Answer: You need to meet OSHA’s requirements every time. If OSHA refers to an ANSI or ASME standard, then it has now become a law. If OSHA says to refer to your manufacturer, then the referral you receive from them is now the law. The rules of good practices can always exceed OSHA’s requirements, however, they can never come short from what OSHA expects.

On a side note, for liability purposes, you should know that lawyers are not restricted to consensus standards. This means that it is important for the employer to have an understanding of the expectations from all areas.

 

Question: How does the operator protect themselves and know how to operate a Dual-Purpose machine safely?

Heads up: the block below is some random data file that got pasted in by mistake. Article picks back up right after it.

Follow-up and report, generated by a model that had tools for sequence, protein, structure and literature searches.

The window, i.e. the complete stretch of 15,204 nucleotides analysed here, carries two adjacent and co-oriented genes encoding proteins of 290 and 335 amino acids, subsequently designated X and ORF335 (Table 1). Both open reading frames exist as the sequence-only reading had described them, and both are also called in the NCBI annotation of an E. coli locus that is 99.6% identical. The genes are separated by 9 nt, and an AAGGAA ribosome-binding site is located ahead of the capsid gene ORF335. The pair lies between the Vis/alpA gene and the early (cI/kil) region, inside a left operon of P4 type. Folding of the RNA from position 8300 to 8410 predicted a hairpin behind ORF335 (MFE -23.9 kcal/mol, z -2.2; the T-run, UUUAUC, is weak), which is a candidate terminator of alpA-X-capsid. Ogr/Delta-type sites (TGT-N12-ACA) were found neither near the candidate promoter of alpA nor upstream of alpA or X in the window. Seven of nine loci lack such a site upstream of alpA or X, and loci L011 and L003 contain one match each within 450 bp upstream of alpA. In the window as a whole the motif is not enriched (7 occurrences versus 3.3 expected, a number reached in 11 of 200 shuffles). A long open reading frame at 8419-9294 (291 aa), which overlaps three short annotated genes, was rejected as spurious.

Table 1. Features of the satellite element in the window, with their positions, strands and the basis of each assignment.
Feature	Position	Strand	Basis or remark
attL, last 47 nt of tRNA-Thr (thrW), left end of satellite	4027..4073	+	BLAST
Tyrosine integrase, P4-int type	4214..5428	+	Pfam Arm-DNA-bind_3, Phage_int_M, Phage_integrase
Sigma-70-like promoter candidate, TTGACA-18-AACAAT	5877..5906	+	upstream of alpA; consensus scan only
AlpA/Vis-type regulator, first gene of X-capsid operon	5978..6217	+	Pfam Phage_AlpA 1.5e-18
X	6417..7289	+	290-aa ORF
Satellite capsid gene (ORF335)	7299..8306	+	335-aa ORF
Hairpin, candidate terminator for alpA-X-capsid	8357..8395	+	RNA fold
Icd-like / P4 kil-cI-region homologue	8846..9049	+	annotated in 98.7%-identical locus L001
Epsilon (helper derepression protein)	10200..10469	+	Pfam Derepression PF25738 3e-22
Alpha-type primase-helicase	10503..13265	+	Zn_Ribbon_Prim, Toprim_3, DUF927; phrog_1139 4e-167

Answer: The operator must read and understand the operator’s manual.

 

Question: Can a company be cited if there is proof that their operator did not read and understand the operator’s manual?

Answer: Yes.

 

Question: If the machine is built to the A92.2 standards, do you still have to do a load test?

Answer: Only if you can prove that it is built to the A92.2 standards by identifying it on the plate. If the machine has a winch on it, it is now a crane.

 

Question: What if the machines winch is not functioning, i.e.; tied off, and you are using the machine to change light bulbs. What standard do you use?

Answer: OSHA 1910 Standards; because you are not using the machine for construction.

 

Question: Should the supervisor know how to run a Dual-Purpose machine?
Answer: Yes. The supervisor and anyone running the machine should be trained on how to operate these machines. This will broaden the understanding of how to safely operate this machine.

 

Question: What prevents an operator from flipping the switch and using the machine in a different way?